The performances, for instance, everyone speaks with what passes for an upper Midwestern accent, a very pronounced accent, let's say. So when characters are doing wicked things on screen, it's rather like watching people dressed in clown suits do nasty things. It's utterly impossible to take it very seriously -- only just seriously enough for us to feel sorry for the victims and to disapprove of the bad guys, but no more than that.

Everyone except the two killers are forced by their culture to speak and act cheerfully. They never swear either. "You're darn tootin'," they say. The casting couldn't be better, with Frances McDormand, Steve Buscemi, and Bill Macy outstanding.

The script is likewise splendidly done. It's full of scenes that seem peripheral except that they add to our understanding of the characters and often lead to later payoffs. Without taking the space to describe them, I will simply mention the scene in the restaurant between MacDormand and her Japanese friend from high school. Why is it in there at all? (My God, those hotel restaurants are depressingly ugly.) Well -- among other things, such as establishing the kind of milieu these folks consider Ritzy, it tells us quite a bit about how MacDormand handles attempts to violate her inherent good nature. When the Japanese guy tries to sit next to her she tells him firmly that she'd prefer it if he sat across the table so that she can see him more easily. When he breaks down in tears she whispers that it's all okay. She is polite, a little distant without being unfriendly, completely practical, and absolutely iron bound in her values. Nobody is going to take advantage of or discompose this hyper pregnant babe. Further, this scene is a set up for a later one. After MacDormand learns that the Japanese guy has told her a gaggle of lies, she wakes up to the fact that, yes, people can tell untruths -- and she returns to interview Macy a second time.

In another scene, when she's pressing one of the criminals during an interview, he excuses himself for a moment and she spots him taking off in his car. She exclaims, "Oh, for Pete's sake, he's FLEEIN' THE INTERVIEW." It's impossible to improve on a line like that, or on MacDormand's delivery of it.

The third element of the film that makes it superior is the direction. The pauses come at the right times. A woman is sitting on her couch watching a soap opera on TV. Through the glass door of her apartment she sees a man approach. He's wearing a black ski mask and carrying a crowbar. He walks up to her door and shades his eyes while trying to peer inside. Now in an ordinary action movie, by this time the woman would be screeching and speeding down the hallway. Not here. The victim sits there staring at the intruder as he fiddles at the door, half horrified and half curious. "Who is this guy? He's not the meter reader, is he?" Coen the director has an eye for the suggestive picturesque too. Bill Macy has asked his father-in-law for a large loan for some sure-fire business proposition, but Dad offers him only a finder's fee. We see Macy's deflated face as his disappointment sets in. Cut. Now we're looking at a white screen punctuated by four or five bare trees equidistant from one another, and there is a tiny car in the middle of the whiteness. Then Macy's tiny figure trudges into the bottom of the shot and we realize we're looking at a snow-filled parking lot with only one ordinary-sized car in the center of it.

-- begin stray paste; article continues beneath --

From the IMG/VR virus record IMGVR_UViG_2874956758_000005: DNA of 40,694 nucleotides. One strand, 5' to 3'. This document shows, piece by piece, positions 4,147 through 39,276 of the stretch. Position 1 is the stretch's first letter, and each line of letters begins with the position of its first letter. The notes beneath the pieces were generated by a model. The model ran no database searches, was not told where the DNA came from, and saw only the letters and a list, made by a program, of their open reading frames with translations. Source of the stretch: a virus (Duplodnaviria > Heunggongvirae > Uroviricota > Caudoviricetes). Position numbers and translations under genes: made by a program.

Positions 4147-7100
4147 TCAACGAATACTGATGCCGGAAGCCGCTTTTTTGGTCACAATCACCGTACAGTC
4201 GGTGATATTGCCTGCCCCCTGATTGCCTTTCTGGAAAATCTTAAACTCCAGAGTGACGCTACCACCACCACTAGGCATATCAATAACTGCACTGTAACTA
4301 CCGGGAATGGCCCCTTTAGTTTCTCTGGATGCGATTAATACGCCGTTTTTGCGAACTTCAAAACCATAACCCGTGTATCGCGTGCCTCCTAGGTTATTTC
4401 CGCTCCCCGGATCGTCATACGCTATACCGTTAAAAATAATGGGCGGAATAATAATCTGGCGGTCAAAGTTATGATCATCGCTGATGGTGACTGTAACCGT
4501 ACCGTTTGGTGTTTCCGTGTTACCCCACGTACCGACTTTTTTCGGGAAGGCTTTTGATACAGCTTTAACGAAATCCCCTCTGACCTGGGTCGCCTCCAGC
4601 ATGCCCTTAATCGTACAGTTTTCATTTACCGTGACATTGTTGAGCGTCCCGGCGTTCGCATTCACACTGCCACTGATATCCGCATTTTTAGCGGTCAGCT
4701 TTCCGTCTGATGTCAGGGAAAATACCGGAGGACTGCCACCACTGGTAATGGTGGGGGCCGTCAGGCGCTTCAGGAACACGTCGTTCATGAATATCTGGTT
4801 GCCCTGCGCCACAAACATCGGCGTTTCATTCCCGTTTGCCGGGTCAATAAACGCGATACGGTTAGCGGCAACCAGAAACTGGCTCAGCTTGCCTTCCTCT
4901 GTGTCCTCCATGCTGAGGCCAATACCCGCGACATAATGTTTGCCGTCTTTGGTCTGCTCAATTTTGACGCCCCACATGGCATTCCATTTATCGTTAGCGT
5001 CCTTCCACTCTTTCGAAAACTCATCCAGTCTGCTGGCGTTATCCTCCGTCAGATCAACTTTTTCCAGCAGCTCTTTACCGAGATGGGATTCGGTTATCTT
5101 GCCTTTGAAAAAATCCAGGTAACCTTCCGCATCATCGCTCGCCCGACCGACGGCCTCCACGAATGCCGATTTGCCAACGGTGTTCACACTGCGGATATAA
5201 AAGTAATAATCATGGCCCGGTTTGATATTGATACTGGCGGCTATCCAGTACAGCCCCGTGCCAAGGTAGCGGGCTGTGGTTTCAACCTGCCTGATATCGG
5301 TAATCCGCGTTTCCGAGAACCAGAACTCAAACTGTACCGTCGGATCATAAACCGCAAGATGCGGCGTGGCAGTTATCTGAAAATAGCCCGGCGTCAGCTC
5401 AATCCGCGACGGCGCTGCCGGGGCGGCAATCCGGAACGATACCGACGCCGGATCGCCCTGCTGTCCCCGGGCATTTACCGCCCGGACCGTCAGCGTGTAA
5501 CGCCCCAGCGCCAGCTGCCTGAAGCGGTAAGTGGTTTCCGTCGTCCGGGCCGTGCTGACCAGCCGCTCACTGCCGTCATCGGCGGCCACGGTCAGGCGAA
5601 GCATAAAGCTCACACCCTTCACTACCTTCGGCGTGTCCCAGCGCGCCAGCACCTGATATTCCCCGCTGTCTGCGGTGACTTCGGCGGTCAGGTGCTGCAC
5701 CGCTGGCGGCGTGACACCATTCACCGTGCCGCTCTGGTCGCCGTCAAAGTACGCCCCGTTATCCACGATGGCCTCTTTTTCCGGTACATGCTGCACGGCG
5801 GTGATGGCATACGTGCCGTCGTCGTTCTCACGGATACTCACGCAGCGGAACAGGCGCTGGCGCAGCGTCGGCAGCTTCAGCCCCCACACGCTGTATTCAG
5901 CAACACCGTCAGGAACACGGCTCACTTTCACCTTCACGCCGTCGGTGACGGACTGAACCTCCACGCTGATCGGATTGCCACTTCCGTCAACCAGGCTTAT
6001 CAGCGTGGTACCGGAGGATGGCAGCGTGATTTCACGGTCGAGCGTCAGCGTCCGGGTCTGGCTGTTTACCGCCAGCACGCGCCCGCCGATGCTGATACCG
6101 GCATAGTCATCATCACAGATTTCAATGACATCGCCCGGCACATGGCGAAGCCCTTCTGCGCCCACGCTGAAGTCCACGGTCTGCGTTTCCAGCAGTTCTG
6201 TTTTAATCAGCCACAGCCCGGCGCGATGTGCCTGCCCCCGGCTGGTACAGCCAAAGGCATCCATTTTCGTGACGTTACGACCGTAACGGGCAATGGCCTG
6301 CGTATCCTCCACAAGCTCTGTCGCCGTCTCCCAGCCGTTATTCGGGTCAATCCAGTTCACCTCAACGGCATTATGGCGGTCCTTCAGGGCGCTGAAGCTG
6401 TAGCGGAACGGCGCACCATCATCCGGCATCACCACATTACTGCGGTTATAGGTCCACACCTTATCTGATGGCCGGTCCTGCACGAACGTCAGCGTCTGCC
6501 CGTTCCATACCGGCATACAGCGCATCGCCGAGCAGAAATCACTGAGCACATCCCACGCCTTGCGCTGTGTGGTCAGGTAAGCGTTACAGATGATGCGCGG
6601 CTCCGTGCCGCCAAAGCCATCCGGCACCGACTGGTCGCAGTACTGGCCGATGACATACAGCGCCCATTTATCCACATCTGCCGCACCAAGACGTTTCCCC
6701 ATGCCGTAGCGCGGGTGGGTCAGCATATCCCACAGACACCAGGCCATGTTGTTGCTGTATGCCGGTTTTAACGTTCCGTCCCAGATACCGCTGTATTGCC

Wintery weather plays an important part in the movie. People die in it, drive off the road because of it, stand shivering in it. Two freezing people are conversing on the street while one shovels snow. The shoveler stops, gazes up at the sky, and remarks that it "ought to be really cold tomorrow." Cars and ambulances tend to drive in and out of white outs during blizzards and blowing snow. MacDormand is driving her murdering prisoner through a blank white landscape in which nothing much is visible and she is mildly remonstrating with him, saying something like, "Why did you do it, for a little bit of money? It's a perfect day, and here you are." (A perfect day!) There are seven murders in this movie. Only three take place on screen. The others either take place off screen or else the director has the good sense to cut at the moment the gun fires or the ax blade lands.

"Fargo" is one of perhaps half a dozen movies from the 1990s that I would consider buying on DVD. It's an original and refreshingly adult picture. Don't miss it.
One of Those Rare Gems in the Cinema5/10

With all the sorry films these days it is good to see a movie as funny, wicked, dramatic, and utterly demented as "Fargo". It's one of those films that you just have to see. William H. Macy gives an Oscar-nominated performance as a car salesman who hires two thugs (one a know-it-all-know-nothing and the other a demented psychopath) to kidnap his wife so that he can keep half the ransom from her well-off father. Needless to say nothing goes right and Brainerd sheriff Frances McDormand (in an Oscar-winning role) comes in to save the day. I won't give anything away because the material is too good to tell those who haven't seen this inventive film. "Fargo" was ranked on the 100 Greatest Films list in 1996 and it was well-deserved. In this age of by-the-numbers film making, this film was a refreshing flashback to the risk-taking style that made the 1970s such a great decade for movies. 5 stars out of 5.